I squeeze through the door and take up position with my back against the wall of the shop facing the morning sun. The lone guy has left town no doubt affronted by my lack of civility and I have the whole street to myself. That is until Erik turns up. We chat, he snaps away with his camera and leaves town with the remnants of my party pack of crisps.
It's a beautiful morning and the wind has yet to pick up. It is in fact the perfect morning to go for a bike ride and I'm about to do just that.
Tuesday, 24 December 2019
"It's Lemos, like Oros but lemon flavoured," comes the reply.
It's the first time I've heard of Lemos and I'm an instant fan. Who knows, maybe it's not actually that good but it's a lot better than what I have been getting. Although the Oros at the last WP was awesome and Oros is my bike drink of choice. Bottles are filled and placed back on the bike.
A huge plate of food is presented and I dispatch it without mercy. It's a lot easier to eat in the cool of night.
"Do you know the wind is going to pick up later?" asks Ingrid.
"I know it's supposed to pick up a bit but how bad. Better or worse than today?"
"How far down the route?"
"Sutherland and maybe further."
"Then I'm going to ride until I drop."
I need to knock off the 213km to Sutherland before I think about getting into a bed. The hour's sleep I got in the feed shed earlier should see me through. I expect I might have to have the occasional road side power nap between now and when the sun comes up and that's okay.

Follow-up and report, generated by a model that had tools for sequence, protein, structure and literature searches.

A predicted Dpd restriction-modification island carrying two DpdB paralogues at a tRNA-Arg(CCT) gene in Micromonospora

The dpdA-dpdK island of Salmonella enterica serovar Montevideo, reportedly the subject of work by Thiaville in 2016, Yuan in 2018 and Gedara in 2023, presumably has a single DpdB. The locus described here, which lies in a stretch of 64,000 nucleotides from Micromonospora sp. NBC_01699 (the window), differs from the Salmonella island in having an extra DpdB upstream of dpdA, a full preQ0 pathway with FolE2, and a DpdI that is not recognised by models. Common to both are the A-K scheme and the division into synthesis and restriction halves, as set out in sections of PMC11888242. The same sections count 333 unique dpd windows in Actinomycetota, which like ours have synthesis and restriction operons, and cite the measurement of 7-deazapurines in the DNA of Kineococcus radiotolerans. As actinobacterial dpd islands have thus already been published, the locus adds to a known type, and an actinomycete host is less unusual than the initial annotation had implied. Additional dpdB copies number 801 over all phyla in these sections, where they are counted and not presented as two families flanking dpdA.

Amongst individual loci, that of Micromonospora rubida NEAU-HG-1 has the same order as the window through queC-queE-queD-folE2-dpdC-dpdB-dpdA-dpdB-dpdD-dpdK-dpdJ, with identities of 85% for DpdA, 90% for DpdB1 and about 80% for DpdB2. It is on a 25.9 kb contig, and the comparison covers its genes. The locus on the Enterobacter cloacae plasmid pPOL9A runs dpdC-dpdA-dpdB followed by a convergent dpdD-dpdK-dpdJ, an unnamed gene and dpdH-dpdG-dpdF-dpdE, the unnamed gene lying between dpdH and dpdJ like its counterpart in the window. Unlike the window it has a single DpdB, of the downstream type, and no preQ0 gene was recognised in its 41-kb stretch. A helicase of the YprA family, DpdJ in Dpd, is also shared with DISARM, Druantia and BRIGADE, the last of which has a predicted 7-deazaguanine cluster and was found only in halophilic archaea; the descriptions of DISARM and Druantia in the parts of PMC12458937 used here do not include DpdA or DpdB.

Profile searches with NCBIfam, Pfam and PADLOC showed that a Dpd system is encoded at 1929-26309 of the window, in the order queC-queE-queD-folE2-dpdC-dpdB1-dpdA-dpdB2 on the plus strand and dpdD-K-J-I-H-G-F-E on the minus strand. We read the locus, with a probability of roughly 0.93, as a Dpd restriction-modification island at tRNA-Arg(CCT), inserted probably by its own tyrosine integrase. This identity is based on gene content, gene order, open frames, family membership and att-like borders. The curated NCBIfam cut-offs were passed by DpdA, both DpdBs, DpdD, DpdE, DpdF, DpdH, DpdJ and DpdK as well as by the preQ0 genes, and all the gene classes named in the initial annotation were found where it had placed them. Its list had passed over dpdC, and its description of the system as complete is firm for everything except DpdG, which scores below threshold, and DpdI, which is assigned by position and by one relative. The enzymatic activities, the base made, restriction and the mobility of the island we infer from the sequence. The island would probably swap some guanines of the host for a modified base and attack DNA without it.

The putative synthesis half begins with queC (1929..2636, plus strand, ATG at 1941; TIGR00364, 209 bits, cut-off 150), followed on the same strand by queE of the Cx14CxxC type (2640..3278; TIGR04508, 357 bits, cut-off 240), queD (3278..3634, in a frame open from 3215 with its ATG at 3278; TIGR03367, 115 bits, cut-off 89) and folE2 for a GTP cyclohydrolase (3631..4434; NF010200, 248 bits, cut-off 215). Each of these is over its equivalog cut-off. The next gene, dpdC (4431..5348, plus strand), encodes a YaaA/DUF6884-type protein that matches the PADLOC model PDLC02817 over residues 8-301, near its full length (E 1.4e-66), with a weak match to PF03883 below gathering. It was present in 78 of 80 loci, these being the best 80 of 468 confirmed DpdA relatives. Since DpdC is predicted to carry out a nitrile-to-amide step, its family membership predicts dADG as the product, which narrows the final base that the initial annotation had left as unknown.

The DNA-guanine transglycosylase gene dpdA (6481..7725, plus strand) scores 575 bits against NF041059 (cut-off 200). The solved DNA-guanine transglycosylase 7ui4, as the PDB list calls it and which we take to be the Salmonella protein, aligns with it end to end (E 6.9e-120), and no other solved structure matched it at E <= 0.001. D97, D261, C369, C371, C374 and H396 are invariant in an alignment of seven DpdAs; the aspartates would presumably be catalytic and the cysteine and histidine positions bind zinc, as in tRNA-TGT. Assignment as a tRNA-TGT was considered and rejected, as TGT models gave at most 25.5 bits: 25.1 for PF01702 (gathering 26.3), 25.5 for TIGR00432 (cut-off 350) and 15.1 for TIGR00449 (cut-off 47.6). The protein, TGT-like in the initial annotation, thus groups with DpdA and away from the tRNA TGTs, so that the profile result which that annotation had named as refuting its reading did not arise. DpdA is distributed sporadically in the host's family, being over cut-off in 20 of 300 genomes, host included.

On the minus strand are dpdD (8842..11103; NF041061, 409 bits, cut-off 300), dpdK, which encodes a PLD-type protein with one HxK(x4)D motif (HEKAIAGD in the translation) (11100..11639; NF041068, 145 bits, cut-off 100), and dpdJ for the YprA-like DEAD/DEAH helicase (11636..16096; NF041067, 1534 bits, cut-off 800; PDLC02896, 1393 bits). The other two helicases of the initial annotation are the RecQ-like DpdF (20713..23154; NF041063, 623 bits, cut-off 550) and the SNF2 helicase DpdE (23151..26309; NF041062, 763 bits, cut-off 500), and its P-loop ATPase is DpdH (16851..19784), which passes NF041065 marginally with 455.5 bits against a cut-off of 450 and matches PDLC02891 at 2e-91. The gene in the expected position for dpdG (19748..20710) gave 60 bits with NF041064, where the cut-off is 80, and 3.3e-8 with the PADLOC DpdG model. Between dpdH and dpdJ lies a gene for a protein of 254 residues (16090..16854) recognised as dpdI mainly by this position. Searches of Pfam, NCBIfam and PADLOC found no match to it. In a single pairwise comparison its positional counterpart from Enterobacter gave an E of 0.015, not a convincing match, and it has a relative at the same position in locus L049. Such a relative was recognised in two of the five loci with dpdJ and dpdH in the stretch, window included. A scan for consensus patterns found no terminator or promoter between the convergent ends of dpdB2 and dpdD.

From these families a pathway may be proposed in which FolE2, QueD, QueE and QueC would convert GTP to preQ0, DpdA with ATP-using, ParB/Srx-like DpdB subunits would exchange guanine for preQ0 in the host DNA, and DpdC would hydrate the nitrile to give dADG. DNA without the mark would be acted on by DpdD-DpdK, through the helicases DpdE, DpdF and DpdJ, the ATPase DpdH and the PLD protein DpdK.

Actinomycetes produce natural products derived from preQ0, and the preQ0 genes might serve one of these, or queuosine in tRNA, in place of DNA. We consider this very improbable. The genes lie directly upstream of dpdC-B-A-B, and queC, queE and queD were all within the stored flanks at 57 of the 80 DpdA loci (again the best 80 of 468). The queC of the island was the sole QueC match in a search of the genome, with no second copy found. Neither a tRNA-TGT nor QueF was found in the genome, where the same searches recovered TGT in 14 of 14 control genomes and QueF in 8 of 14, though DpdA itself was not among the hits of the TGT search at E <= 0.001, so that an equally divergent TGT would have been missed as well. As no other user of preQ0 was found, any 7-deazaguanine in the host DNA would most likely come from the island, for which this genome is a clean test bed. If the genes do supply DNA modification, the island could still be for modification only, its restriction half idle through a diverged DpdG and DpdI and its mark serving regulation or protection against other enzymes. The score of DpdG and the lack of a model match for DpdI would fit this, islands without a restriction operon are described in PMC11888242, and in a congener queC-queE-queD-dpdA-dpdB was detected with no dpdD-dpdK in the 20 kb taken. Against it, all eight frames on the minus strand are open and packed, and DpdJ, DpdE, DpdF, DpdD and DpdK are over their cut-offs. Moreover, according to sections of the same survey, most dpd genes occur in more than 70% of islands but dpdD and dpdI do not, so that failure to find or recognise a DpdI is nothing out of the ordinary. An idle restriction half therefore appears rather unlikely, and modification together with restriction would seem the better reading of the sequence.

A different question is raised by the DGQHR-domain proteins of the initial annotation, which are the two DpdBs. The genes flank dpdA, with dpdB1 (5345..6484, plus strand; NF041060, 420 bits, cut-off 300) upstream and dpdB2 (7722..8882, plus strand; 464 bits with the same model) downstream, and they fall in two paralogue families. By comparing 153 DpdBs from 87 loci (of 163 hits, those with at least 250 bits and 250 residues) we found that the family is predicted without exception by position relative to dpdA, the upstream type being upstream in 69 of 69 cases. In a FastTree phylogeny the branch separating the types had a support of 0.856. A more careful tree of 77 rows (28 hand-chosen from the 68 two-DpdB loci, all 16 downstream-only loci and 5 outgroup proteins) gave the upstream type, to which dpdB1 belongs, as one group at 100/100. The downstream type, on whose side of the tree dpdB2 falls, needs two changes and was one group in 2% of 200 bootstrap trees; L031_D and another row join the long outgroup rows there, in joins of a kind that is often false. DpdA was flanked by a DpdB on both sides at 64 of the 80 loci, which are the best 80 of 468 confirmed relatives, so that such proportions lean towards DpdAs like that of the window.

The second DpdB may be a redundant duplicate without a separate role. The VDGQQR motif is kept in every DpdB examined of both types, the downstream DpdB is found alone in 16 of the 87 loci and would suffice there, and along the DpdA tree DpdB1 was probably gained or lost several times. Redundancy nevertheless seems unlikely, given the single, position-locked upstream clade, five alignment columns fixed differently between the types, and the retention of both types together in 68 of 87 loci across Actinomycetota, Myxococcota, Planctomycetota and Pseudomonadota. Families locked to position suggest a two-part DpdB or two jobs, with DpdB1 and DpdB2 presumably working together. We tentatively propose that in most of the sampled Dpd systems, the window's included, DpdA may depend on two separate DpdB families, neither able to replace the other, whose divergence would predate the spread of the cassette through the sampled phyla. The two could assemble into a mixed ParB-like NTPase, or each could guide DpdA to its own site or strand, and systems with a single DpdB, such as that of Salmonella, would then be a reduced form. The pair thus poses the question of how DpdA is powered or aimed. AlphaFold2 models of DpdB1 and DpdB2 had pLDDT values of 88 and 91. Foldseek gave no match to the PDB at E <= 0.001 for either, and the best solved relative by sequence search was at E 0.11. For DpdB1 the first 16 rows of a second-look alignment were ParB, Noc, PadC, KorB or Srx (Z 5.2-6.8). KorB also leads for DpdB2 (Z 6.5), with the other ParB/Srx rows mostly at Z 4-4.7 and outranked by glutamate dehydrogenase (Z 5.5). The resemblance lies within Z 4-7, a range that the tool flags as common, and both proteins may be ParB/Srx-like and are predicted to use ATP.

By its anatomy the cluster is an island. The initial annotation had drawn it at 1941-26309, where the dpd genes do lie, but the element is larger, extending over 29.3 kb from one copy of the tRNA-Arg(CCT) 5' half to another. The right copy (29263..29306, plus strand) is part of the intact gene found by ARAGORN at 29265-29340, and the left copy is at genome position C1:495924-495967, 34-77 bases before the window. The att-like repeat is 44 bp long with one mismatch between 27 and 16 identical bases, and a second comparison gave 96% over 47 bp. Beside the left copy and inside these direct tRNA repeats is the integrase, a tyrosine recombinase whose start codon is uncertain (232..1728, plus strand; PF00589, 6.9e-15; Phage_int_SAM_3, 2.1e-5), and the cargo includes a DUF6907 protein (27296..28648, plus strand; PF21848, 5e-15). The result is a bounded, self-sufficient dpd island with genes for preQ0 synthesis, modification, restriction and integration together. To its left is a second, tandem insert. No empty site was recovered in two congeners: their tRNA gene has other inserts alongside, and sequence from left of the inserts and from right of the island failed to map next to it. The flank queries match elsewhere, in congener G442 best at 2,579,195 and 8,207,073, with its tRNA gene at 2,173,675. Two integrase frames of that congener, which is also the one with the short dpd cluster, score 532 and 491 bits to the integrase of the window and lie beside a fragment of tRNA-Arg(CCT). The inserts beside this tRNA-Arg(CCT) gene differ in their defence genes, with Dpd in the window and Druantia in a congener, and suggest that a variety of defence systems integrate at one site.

I check my phone and see that Janine Stewart, who was the front lady, has scratched from the race. She's as tough as nails so she must be in a bad way to scratch. I'm told there are over 30 withdrawals so far. I expect that once the sun comes up there are going to be more bikes that will make the short trip from lodgings to car bike rack.
I sign out and notice that I'm now in 6th position. John left just before I arrived which puts him 34 minutes ahead.
The first section is new and keeps me engaged lowering the risk of nodding off. A few zigs and zags and I'm on the district road that leads to Fraserburg. It's about 95km to Fraserburg with WP7 situated halfway. Navigational challenge = 0/10. Chance of nodding off = 10/10.